U.S. Productivity: Is there a Crisis?

By Elmore Alexander | 08/09/2016 | 3:43 PM

In a recent blog (“Chinese Manufacturing Productivity”), I wrote about the problems of Chinese productivity, noting that, while growth rates were high, the absolute level of productivity was between 15-30% of OECD averages. This week, we were disappointed, but not surprised, to learn that US output per hour worked fell 0.5% in the second quarter to end up down 0.4% over the last year.[1] Most writers point to the beginning of the Great Recession as the proximate cause of this decline.  However, productivity actually began to fall before 2008.[2]

I recalled that, back in the early 2000’s, I invited one of the regional Federal Reserve Bank presidents to speak to MBA students at my university. He proposed that productivity increases spurred by the revolution in information technology had reset the classic relationship between unemployment and inflation. He predicted continuing growth in both productivity and GDP and declines in unemployment without any impact on inflation.  But the promise of information technology and unlimited productivity growth faded.   And then came 2008! 

So where are we?  Have we found the 21st Century equivalent of “stagflation” (low growth coupled with high inflation of the late 70’s) in a new equilibrium of anemic growth despite low interest rates? Not necessarily.

The driver that led to what Alan Greenspan and Robert Shiller characterized as “irrational exuberance”[3] was the impact of information technology on the economy. Information technology drove productivity and productivity drove growth. However, despite the expectations of my Fed prognosticator, this cycle came to an end. When you add in the impact of the Great Recession, you get the slow growth recovery that we’re now experiencing. A recent article by Neil Irwin, [4] one of The Upshot writers at the New York Times, posits three theories for our current situation:

  1. The Depressing Scenario—technology has done what it can and productivity will not improve;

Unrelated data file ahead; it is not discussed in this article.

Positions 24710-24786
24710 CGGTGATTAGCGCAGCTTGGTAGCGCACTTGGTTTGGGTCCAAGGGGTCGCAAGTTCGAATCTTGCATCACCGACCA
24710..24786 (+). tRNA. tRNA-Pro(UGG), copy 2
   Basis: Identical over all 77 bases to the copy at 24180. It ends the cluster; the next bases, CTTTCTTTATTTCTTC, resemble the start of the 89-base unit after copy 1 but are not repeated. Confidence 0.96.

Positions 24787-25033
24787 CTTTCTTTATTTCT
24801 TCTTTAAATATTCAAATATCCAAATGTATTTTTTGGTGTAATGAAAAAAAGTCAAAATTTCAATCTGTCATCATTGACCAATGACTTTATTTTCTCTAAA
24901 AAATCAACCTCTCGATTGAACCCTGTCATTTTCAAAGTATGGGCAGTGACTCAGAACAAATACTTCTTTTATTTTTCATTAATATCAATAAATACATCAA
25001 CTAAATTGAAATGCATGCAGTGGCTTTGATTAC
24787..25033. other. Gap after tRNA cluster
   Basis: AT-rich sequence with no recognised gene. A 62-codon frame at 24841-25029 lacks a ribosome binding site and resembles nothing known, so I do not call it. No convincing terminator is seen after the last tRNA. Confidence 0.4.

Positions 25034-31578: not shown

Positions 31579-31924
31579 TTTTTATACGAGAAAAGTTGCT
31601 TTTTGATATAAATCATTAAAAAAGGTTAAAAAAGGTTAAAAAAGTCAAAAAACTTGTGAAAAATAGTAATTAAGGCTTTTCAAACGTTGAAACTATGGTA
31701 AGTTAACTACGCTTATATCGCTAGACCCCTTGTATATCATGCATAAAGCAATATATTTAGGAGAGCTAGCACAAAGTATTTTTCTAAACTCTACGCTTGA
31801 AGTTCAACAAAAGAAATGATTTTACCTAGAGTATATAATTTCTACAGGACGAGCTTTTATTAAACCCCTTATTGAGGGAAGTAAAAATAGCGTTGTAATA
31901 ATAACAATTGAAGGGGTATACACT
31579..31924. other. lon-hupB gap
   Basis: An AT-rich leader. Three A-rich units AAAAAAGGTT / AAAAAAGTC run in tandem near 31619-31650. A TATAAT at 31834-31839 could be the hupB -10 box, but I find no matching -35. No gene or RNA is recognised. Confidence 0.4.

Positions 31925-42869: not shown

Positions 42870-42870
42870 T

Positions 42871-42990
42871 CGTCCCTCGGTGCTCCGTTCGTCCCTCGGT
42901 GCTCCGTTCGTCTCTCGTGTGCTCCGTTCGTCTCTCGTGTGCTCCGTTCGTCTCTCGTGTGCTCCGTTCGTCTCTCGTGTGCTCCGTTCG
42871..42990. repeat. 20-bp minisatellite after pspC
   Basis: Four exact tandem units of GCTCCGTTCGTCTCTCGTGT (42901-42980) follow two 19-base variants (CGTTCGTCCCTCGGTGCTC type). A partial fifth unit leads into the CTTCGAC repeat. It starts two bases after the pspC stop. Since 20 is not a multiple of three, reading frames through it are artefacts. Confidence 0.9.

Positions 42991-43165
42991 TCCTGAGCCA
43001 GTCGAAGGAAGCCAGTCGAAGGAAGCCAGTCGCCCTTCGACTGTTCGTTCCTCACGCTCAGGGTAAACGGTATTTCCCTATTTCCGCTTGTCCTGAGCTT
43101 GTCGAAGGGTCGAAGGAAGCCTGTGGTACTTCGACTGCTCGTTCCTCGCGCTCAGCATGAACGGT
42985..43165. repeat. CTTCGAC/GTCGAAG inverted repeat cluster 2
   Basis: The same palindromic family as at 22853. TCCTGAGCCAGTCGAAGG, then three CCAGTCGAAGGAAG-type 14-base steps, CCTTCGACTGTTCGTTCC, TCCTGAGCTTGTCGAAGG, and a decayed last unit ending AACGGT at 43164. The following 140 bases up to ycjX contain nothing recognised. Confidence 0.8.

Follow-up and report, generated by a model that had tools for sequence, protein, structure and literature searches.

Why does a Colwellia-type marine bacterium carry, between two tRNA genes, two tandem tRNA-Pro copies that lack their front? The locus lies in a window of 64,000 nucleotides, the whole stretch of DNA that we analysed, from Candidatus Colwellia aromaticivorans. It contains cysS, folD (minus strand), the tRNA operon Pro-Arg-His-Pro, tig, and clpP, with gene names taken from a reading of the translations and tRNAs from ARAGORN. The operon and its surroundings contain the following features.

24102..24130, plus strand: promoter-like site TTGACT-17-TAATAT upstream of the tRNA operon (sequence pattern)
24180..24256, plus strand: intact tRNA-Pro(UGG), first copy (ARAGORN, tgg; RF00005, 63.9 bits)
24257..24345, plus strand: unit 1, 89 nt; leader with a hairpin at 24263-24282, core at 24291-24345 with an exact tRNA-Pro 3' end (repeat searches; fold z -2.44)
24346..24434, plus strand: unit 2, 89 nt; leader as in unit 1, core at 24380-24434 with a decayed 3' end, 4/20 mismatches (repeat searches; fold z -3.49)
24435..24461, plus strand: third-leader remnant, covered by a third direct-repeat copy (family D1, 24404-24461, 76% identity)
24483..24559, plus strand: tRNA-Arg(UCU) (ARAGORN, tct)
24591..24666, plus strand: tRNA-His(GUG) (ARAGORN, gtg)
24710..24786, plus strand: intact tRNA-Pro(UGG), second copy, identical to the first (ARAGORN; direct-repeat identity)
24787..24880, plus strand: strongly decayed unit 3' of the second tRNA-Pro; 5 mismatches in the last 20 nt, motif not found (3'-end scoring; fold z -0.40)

2. The Neutral Scenario—the economy is so dramatically changed that our measures just can’t keep up;
  3. The Happy Scenario—we’re in a stage of investment in new technologies that will take several years to kick in but will ultimately yield dramatic productivity increases.

Personally, I subscribe to the Happy Scenario. A recent Brookings Report[5] detailed some of the drivers of such a perspective:

  • New technologies in energy
  • Industrial robotics
  • 3D printing and active manufacturing
  • Big Data
  • The “internet of things”
  • Investment in infrastructure

Each of these drivers has significant implications for the logistics industry. While research on driverless vehicles and Big Data may be consuming huge investments today with minimal returns, no one doubts their ultimate impact.  Furthermore, the presidential candidates of both political parties have championed investment in rebuilding our network of highways and bridges. The impact of even a modest increase in such spending will have a dramatic impact on GDP and productivity and, particularly, on logistics productivity. 

Is this a time to be complacent? No. Do we want to chauvinistically ignore Chinese productivity growth?  No.  As I argued in my last blog, it’s time to “double down” on innovation and technology not to abandon them.

 

[1] Associated Press: http://nyti.ms/2b3hFED

[2] Nick Bunker: http://equitablegrowth.org/equibableblog/did-the-great-recession-reduce-u-s-productivity-growth/

[3] https://www.amazon.com/Irrational-Exuberance-3rd-Robert-Shiller/dp/0691166269/ref=sr_1_1?s=books&ie=UTF8&qid=1470767557&sr=1-1&keywords=irrational+exuberance

[4] http://NYT.ms/1TgrJVD

[5]https://www.brookings.edu/~/media/research/files/papers/2013/3/us%20productivity%20growth%20baily%20manyika/us%20productivity%20growth%20baily%20manyika.pdf

Chinese Manufacturning Productivity

By Elmore Alexander | 07/20/2016 | 11:17 AM

I recently made a two-week trip to China visiting a variety of businesses and universities. This was my fourth trip to China but my first to the mainland in about 15 years. To say the least, the contrast was dramatic.  Even in Shanghai, which appeared to be on steroids when I last visited, had exploded in the interim—gigantic skyscrapers had sprouted from open fields and the infrastructure of elevated highways had become ubiquitous. It was clear that the amazement and praise that we hear about the Chinese economy is well deserved. I was excited to find opportunities to build partnerships that will send our logistics/supply chain students and faculty members to study at a university in Beijing and bring students from China to Massachusetts to study alongside our students and with our faculty members.

My observations, however, were not completely positive. We visited a Hyundai plant outside of Beijing.  It was a marvel of automation and production.  Thousands of cars rolled off a precise and pristine assembly line while we visited.  This was not my first visit to an auto assembly plant.  I’ve visited plants in Japan, Germany, the Czech Republic and India as well as the Ford plant in Dearborn.  All of these plants were every bit as automated and impressive as was this plant.  And to paraphrase Henry Ford, you could have had any color Hyundai that you wanted as long as it was white.  Actually, the notable difference was in the number of workers on the assembly line—the difference was huge.  Activities that I have seen two or three workers performing in Dearborn or Eastern Europe were being performed by six or seven workers in Beijing.   “Just in time” delivery of parts was clearly the driving force for production, but “lean manufacturing” did not appear to be present.